DETROIT (TheStreet) -- Auto sales in May were surprisingly strong as a fifth weekend provided more selling opportunities and recalls didn't seem to bother consumers.
May sales showed "positive momentum for the economy in the current quarter and into the second half," said Ford (F) economist Emily Kolinski Morris on the Ford sales call. She noted that buyer motivation may be shifting. "We are getting into a little bit more discretionary purchases on the part of consumers," she said, and moving away from the need to replace aging vehicles.
Auto sales are a particularly useful economic indicator: They measure major purchases, they are reported quickly and they are not revised.
GM (GM) said May sales rose a surprisingly strong 13%, while Chrysler sales rose 17%. Overall sales rose 9% to 10%, Ford estimated. Ford sales rose just 3%, but Ford pointed to strong trends for the F-150, the best-selling U.S. vehicle. The F-150 average transaction price was the highest in the segment and F-150 incentives were lowest among the top pickup trucks.
Toyota (TM) said sales rose 17%. "Industry sales in May soared as consumer confidence improved and demand for new vehicles continued to strengthen," said Bill Fay, Toyota division group vice president and general manager, in a prepared statement.
Nissan sales rose 19%. "Nissan started the month with strong momentum and rode an outstanding Memorial Day weekend to capture our best May sales performance in the history of Nissan in the U.S.," said Fred Diaz, senior vice president, Nissan sales & marketing and operations, in a prepared statement. Volkswagen sales fell 11.5%.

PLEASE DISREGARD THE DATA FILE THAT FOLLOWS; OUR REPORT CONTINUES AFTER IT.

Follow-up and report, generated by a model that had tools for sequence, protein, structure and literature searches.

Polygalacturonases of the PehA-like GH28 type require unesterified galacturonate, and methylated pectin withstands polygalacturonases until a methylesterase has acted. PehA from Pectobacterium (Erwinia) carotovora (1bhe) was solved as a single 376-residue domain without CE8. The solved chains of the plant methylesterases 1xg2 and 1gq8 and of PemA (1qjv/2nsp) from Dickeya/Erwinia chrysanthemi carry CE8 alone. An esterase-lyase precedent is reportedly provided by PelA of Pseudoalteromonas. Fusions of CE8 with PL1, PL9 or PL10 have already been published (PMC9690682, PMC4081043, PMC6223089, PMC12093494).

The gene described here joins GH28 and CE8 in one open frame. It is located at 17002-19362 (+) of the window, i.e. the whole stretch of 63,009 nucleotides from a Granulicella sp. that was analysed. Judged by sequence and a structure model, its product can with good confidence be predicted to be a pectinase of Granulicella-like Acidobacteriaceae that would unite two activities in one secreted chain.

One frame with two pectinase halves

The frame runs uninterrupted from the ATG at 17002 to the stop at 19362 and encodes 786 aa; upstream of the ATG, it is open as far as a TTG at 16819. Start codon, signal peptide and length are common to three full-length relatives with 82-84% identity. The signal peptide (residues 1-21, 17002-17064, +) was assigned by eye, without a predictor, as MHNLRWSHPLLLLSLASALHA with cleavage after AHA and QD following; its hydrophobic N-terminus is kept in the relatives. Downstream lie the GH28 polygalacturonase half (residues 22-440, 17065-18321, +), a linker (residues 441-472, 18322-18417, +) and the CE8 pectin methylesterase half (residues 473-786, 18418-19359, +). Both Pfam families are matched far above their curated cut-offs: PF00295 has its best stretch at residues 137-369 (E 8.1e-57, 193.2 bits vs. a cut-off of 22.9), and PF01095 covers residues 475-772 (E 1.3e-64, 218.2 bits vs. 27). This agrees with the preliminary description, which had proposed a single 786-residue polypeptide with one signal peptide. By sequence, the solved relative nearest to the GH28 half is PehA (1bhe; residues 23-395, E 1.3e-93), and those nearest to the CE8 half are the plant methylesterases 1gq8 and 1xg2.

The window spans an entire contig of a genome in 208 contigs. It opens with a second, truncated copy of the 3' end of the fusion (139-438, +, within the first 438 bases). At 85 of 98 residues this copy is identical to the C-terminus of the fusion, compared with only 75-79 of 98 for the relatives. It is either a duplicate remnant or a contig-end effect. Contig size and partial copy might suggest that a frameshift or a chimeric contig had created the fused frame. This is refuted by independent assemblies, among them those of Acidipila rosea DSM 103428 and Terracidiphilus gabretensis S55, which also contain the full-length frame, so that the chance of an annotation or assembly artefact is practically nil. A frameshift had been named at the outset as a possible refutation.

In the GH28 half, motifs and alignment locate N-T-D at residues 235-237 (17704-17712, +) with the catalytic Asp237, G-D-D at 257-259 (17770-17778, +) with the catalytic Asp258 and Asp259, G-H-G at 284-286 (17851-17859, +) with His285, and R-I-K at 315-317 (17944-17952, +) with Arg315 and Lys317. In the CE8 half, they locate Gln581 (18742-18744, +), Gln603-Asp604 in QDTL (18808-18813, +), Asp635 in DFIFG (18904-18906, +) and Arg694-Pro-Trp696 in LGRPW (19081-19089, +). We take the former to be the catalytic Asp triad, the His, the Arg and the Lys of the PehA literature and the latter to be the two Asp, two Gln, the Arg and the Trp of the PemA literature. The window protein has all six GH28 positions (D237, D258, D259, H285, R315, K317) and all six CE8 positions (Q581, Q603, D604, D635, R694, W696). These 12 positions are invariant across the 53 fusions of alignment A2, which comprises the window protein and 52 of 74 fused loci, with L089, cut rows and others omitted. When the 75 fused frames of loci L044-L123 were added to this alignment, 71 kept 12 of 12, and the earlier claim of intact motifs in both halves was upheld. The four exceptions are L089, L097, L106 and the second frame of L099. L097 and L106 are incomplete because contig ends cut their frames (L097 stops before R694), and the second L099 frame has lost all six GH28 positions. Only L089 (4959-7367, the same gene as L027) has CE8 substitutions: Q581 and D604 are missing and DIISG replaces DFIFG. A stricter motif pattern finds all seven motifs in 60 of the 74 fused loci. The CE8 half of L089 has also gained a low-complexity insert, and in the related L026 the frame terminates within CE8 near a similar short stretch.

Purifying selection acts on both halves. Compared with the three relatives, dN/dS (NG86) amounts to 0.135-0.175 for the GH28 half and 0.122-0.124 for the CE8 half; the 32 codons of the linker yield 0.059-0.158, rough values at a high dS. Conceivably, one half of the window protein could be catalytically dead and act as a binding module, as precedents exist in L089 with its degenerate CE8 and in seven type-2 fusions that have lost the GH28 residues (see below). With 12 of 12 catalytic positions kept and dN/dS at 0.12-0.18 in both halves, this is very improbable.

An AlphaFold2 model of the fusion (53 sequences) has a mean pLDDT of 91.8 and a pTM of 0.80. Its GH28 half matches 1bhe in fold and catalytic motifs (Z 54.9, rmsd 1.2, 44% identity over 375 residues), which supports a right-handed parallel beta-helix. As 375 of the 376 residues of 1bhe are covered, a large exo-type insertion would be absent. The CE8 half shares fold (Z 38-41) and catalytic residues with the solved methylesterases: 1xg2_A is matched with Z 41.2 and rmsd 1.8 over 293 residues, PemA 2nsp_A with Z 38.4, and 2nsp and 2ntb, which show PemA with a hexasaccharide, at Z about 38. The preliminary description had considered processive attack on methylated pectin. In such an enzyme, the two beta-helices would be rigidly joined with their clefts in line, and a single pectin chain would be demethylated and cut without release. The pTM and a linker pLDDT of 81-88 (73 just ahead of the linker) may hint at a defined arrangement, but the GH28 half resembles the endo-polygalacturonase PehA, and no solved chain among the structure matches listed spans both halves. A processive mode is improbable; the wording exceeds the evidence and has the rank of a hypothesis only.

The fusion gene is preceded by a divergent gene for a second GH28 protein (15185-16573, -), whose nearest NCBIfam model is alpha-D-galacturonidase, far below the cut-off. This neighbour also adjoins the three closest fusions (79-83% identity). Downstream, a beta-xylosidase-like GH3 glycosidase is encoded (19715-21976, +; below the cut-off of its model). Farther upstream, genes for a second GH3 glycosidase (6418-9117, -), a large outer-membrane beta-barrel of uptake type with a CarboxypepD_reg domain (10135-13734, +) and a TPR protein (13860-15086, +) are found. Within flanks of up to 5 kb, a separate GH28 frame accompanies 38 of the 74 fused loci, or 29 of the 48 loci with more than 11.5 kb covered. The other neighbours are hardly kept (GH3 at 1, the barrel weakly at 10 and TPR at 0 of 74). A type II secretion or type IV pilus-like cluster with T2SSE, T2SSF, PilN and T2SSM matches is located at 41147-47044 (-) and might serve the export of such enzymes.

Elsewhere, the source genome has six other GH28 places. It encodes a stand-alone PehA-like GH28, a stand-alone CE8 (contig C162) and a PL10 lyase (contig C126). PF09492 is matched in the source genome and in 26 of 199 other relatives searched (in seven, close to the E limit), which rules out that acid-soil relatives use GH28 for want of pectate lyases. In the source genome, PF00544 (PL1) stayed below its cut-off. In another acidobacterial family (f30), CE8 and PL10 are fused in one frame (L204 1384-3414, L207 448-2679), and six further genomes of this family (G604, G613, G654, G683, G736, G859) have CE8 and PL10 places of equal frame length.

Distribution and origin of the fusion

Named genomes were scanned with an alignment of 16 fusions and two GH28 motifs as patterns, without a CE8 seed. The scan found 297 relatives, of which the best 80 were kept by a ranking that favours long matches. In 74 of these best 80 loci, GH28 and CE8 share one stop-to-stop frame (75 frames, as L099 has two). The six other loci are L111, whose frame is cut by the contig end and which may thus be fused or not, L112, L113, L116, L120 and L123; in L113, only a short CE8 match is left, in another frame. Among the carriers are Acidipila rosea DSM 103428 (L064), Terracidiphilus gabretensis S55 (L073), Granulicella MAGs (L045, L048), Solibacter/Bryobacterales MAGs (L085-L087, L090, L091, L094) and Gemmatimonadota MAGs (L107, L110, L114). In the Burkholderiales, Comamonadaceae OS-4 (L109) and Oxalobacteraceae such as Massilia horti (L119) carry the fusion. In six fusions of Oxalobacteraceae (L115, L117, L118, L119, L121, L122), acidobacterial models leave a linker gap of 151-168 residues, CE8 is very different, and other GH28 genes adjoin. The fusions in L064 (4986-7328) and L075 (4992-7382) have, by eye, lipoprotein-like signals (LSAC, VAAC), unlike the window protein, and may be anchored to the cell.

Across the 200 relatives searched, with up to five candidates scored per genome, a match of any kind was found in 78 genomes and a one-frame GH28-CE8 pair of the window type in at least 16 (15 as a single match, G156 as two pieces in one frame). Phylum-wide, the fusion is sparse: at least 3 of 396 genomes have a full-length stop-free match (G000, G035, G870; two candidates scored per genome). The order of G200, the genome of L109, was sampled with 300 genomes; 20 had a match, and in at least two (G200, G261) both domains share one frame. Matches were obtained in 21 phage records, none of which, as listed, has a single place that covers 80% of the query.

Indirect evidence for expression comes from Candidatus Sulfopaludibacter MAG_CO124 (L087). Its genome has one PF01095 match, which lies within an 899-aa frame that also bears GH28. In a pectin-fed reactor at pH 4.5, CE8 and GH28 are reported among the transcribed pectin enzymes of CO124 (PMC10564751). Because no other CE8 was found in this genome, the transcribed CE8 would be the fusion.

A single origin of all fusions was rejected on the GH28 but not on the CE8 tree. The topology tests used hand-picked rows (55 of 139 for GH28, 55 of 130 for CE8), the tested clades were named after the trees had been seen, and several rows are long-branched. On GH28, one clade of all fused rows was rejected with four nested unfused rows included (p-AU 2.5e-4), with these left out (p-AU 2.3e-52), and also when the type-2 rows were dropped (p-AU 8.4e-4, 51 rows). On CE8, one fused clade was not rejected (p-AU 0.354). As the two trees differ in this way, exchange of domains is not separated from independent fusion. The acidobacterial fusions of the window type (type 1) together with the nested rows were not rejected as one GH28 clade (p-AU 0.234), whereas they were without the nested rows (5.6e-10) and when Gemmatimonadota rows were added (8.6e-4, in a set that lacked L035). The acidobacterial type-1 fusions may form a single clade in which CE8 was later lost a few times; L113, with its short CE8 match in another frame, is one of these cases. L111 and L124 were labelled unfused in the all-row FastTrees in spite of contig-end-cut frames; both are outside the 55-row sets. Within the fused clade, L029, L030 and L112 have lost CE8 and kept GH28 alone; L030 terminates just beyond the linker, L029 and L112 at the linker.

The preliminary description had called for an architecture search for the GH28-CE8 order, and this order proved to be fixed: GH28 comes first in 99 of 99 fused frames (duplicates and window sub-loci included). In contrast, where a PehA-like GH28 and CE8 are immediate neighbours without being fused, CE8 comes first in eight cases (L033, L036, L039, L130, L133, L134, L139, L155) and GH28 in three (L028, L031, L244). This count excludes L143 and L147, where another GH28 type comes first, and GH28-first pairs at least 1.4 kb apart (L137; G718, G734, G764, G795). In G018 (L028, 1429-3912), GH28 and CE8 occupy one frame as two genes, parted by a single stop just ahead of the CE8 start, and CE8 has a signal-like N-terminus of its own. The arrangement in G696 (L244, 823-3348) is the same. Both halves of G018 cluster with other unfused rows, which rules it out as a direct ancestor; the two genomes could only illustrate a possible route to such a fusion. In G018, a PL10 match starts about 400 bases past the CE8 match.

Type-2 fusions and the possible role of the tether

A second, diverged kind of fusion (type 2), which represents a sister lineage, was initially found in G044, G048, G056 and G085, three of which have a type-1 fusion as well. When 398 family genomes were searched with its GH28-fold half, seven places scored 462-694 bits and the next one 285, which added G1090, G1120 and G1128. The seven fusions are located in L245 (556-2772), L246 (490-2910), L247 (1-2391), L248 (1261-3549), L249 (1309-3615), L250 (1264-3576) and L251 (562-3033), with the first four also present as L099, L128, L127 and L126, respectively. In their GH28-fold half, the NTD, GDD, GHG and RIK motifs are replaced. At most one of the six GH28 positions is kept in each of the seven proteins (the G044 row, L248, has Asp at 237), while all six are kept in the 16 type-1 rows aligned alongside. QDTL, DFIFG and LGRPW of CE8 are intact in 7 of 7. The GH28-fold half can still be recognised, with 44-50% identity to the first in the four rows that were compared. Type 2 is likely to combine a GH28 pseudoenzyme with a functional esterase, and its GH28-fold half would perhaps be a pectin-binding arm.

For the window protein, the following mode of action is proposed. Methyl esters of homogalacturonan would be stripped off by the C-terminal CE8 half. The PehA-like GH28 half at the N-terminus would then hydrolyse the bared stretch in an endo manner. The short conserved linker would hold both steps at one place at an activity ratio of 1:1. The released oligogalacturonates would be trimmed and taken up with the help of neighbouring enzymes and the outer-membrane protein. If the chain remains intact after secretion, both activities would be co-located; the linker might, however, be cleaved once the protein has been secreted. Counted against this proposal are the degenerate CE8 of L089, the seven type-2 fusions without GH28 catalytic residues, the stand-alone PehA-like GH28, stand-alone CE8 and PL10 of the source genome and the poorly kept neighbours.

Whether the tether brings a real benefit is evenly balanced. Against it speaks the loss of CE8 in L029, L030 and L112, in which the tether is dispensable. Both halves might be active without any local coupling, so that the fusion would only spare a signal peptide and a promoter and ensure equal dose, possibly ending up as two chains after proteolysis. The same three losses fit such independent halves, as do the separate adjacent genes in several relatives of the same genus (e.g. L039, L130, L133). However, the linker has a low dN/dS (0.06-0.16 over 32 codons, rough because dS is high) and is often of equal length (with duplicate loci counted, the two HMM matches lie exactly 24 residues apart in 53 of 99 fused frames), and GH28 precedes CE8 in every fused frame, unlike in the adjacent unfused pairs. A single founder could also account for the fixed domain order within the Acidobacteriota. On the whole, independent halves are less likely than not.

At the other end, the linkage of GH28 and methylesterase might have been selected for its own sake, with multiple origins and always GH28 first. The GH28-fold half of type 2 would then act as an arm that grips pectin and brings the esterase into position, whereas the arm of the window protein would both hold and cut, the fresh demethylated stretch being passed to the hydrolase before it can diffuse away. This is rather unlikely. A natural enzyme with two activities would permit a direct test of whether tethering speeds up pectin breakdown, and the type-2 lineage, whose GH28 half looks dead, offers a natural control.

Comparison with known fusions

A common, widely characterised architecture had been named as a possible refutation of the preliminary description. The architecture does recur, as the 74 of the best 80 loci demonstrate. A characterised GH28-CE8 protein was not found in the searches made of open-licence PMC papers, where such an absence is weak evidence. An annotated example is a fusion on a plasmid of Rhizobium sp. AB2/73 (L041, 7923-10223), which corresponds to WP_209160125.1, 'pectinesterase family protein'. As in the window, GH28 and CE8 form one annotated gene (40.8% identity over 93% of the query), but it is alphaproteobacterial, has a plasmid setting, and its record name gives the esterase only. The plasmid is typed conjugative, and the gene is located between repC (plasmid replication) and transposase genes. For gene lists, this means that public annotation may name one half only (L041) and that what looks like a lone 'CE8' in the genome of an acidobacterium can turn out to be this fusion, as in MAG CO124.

Nearly every expert had estimated the seasonally adjusted annualized sales rate would be 16.1 million, but it came in at 16.5 million to 16.9 million. A factor was that end-of-the-month sales, on Memorial Day weekend and on May 31, were particularly strong. Sterne Agee analyst Michael Ward estimated 16.6 million, the strongest level since February 2007.
The first two-thirds of the month were strong and the final third was "even stronger," said John Felice, Ford vice president for U.S. marketing, sales and service. "We had five weekends in the month of May; the month set up very well for overall industry performance."
Don't look for results to be quite so good in June, Felice cautioned. "June volume may be down because of the way the weekends (fall)," he said.
As for recalls, Felice responded to a reporter's question on the topic by saying: "You're seeing an elevated sensitivity in the industry, but haven't seen it come through to any impact on (sales) performance."
Written by Ted Reed in Charlotte, N.C.
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